With all due respect, that's a logical fallacy (i.e.: false cause, texas sharpshooter) that i'm surprised no one has written about. What sometimes this is interpreted as suggesting that this school can give you an advantage in terms versus others, and we all want an advantage when it comes to something competitive.  However, you have to step back and look at this objectively as well.  No one will provide you data on how individual people, from individual years, applying to specialty x from this particular school, matched. CaRMS will not provide it nor the school.  Without that data you CANNOT do an accurate statistical comparison, and thus you have to accept the null hypothesis that any school could or could not give you a good chance to matching to what you want. In addition, there are large differences in other variables between individuals from said school applying to said specialty. Connections, research, extracurriculars that you may or may not have participated in, reference letters - there are too many subjective variables at the individual applicant level for a specialty that cannot be correlated or linked to causation to the school attended alone.  Apples to Oranges to Pomegranates to Passionfruit.  

 

Think about it this way (cars is something I've been learning about more recently).  If a salesmen said that he "knows someone who had his life saved by driving model 2017 car X (the car he is trying to sell you)". Obviously you would go and try to see how Car X compared to Car Y,  safety ratings, reviews, etc before making the purchase.  You probably have tons of data on the internet, IIHS safety ratings, youtube, etc.  But let's say you have none of that data (see paragraph above).  All you know is that the salesman (who probably wants you to buy the car) said that someone had their life saved by driving Car X.  I dunno about you but I would be pretty skeptical. 

 

If you want to look through the CaRMS data, you will notice that there are large variations in terms of "schools that do/don't do well" in the match.  Like you, when I decided on a med school I partially took that into the play - someone from school y told me that school x "sucked" this year in terms of the match.  The next year my school "sucked" in the match, where by the level of "suckyness" is defined by how many people went unmatched.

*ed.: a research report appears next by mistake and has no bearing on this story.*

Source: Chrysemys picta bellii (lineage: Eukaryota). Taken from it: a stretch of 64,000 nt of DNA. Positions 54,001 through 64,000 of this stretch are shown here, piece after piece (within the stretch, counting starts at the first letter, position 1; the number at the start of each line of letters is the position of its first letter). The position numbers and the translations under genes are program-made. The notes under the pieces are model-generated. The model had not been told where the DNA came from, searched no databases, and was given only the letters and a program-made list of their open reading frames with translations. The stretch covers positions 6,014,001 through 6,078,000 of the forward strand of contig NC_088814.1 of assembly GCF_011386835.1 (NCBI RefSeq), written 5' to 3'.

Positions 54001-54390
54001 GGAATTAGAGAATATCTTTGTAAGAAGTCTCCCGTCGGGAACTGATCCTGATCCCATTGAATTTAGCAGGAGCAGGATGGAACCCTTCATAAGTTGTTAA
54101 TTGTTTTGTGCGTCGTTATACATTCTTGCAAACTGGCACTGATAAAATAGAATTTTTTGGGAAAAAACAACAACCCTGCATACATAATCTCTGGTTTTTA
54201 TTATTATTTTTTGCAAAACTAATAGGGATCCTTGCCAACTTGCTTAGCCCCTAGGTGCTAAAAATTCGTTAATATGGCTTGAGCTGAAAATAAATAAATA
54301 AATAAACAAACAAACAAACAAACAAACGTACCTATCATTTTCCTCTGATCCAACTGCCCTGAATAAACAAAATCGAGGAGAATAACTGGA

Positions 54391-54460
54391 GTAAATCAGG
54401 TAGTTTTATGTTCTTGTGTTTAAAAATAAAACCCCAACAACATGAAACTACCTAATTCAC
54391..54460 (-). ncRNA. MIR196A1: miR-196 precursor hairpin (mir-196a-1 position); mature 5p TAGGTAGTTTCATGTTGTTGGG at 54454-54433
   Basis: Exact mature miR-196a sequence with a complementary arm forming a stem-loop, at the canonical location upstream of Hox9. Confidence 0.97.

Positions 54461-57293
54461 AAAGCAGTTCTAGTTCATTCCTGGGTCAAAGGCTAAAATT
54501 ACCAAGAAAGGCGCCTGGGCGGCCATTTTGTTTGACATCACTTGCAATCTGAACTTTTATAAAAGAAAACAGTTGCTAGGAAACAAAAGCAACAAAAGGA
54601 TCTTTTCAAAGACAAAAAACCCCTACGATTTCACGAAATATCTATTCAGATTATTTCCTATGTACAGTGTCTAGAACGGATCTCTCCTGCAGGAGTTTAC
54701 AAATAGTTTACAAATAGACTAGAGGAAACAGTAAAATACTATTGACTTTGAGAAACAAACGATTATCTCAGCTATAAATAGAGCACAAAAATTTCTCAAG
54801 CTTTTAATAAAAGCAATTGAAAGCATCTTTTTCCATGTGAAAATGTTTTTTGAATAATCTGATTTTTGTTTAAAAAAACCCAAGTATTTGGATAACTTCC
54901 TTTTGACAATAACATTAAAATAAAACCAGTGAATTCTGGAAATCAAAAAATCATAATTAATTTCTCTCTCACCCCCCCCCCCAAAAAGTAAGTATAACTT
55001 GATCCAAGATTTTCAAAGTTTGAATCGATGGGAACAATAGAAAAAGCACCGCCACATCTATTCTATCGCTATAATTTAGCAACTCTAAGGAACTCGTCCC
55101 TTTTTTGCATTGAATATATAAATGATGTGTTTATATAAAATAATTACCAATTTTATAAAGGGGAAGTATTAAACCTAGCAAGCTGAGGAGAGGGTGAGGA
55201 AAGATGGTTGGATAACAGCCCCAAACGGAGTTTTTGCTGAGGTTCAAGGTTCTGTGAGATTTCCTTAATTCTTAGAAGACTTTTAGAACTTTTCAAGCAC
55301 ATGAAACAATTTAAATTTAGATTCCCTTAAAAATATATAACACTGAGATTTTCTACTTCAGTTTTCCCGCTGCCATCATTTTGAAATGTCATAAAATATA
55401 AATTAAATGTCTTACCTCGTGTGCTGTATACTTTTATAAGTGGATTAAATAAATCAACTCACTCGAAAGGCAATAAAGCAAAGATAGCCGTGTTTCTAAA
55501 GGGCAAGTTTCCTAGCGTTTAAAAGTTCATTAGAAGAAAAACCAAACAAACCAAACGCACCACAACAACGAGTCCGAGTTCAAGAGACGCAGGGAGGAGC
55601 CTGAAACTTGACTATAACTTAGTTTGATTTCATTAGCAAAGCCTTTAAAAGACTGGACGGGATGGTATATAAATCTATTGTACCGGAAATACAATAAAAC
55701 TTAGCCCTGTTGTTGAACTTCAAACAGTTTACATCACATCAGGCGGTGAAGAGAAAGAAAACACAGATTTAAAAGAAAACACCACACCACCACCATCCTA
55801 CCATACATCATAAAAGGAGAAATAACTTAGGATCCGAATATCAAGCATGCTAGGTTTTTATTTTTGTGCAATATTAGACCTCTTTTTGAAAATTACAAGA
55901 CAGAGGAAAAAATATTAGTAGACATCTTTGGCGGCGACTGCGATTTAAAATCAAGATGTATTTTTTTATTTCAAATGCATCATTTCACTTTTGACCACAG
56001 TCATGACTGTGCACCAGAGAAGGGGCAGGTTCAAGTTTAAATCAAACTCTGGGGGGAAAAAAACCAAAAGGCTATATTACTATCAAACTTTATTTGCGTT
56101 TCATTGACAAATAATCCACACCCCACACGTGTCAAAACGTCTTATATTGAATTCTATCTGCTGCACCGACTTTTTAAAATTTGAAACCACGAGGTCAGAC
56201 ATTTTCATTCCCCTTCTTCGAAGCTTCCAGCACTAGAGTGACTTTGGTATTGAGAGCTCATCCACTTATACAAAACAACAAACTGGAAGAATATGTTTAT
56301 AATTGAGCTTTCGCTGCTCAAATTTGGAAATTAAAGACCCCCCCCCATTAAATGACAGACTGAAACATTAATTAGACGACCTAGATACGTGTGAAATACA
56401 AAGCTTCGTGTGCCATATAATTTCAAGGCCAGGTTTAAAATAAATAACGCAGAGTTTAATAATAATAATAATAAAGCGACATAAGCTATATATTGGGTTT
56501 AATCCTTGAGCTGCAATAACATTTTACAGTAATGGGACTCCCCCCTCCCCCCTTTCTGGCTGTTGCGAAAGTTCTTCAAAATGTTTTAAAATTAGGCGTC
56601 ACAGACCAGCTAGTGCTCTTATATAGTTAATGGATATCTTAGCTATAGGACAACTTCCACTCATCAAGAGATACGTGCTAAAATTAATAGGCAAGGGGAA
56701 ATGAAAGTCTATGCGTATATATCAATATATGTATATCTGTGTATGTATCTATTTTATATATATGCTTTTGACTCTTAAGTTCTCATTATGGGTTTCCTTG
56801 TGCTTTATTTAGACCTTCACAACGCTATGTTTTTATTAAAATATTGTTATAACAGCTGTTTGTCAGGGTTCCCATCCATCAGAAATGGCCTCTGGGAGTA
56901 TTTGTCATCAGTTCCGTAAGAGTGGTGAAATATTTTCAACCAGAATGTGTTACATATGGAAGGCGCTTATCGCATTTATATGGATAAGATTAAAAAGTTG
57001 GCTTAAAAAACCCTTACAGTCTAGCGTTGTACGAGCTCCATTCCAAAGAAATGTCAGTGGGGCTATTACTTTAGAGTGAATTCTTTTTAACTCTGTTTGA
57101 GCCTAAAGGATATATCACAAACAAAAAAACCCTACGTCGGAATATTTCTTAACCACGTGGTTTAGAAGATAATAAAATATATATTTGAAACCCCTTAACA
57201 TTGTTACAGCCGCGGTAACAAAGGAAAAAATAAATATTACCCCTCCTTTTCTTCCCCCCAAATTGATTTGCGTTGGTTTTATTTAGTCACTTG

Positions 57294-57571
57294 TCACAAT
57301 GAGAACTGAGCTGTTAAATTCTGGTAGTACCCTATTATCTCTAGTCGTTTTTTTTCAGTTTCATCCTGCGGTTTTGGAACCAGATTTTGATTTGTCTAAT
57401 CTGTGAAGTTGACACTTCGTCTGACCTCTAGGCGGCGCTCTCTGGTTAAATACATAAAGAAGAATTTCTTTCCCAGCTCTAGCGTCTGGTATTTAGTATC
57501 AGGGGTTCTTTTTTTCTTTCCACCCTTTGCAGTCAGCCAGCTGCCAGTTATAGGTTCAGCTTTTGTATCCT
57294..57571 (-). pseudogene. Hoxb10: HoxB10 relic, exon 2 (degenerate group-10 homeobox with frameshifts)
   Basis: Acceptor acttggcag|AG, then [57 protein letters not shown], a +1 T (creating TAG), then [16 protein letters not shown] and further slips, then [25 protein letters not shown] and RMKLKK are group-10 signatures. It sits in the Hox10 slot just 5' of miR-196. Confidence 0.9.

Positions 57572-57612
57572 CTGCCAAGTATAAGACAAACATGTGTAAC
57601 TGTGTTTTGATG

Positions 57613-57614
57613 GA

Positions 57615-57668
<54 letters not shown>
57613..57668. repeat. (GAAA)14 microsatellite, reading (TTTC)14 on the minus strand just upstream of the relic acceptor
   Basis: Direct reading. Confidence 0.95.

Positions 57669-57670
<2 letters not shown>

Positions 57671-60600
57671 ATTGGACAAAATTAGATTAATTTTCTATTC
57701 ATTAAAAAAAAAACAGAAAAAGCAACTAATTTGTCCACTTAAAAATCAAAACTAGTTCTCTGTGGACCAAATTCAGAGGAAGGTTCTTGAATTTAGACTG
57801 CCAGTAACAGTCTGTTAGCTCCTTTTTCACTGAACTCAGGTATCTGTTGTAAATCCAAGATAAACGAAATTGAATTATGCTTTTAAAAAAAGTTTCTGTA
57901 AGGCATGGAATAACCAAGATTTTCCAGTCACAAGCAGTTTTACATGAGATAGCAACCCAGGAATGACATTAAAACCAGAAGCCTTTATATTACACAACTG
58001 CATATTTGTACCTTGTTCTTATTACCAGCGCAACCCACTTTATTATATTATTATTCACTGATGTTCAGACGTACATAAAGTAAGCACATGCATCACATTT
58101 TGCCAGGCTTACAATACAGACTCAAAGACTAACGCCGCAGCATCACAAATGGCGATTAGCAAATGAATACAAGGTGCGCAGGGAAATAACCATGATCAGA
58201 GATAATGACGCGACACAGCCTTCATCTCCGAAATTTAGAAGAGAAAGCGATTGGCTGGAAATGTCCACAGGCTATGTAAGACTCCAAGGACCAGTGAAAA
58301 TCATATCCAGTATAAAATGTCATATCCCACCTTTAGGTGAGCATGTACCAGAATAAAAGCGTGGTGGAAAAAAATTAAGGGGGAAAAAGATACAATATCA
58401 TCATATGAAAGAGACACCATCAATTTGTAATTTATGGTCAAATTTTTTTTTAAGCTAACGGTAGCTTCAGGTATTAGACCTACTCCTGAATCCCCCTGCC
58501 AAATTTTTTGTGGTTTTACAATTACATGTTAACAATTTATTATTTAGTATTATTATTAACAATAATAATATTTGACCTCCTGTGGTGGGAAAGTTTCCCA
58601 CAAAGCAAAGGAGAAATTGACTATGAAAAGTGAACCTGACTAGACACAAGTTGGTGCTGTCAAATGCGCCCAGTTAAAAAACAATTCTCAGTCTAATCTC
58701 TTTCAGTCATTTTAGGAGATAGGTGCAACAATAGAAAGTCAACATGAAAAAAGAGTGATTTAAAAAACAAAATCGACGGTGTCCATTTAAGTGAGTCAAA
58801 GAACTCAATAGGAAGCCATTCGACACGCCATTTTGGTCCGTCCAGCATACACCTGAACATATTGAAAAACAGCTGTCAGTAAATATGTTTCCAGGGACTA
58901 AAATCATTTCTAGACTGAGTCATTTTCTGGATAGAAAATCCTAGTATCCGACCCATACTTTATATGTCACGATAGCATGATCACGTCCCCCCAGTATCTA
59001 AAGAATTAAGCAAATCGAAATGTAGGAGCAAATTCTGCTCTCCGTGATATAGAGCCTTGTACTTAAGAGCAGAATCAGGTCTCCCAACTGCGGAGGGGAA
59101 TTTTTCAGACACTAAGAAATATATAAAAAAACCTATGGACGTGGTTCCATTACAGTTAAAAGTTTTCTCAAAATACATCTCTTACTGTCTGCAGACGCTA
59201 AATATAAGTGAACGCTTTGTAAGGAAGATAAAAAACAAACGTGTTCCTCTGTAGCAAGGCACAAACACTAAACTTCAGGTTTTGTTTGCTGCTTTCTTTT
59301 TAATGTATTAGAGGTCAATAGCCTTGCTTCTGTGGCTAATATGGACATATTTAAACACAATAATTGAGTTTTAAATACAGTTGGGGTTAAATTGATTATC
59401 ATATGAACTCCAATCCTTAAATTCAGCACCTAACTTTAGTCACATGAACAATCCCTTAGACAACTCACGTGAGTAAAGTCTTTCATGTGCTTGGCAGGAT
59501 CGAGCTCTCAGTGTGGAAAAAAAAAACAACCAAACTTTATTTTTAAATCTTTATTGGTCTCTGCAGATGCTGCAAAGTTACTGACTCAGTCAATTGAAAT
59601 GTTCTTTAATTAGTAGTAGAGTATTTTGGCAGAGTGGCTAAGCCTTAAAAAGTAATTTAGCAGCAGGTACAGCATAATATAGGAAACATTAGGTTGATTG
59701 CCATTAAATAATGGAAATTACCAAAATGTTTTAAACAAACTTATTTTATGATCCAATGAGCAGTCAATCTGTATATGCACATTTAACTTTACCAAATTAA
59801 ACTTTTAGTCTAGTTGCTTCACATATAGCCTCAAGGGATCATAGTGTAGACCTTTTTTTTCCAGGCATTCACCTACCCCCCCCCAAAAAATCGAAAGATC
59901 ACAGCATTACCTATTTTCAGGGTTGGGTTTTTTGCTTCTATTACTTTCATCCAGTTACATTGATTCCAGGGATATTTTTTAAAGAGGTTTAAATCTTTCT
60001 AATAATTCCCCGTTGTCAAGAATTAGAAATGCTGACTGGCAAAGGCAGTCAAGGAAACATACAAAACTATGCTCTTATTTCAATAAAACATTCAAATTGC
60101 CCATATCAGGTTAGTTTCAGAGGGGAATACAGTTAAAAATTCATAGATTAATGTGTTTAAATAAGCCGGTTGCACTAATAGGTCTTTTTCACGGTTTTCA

In CaRMS there are many different specialties, each with varying competitiveness.  Some specialties have unfilled spots after the first round, meaning that there are fewer people than there were spots. Some specialties have people who could not match to a position in said specialty, meaning there were more people than there were spots. So if a class of 100 people in school X had a higher proportion of people who wanted to more competitive specialties (not knowing anything about these individuals and their competitiveness for said specialties) than school Y, then school X runs a risk of having a higher unmatch rate than school Y.  But this is at the individual level in terms of individual choice, not the school.  There is no "gunner index" that applies to each individual entering class at each individual school, for each individual year that you can compare and predict or project, or even use to avoid.  Hence ANYONE saying to you "oh our school X is better than school Y because we had a better match rate" is giving you useless data.  The match rate for that particular year doesn't matter because individuals have cycled through now - your class may be more or less competitive, and no one knows that (again data at the individual level that you're not privy too, only the old gods and the new).  There is no pre-risk probability calculated year to year for attending school X compared to school Y at this particular time, and the data varies so much that you might as well use the divinations of a ping-pong ball.  Also remember that school sizes differ - if someone gives you an "absolute number of people unmatched versus school Y", ask them for the ratio because school Y might have a better relative unmatched ratio because they have more people.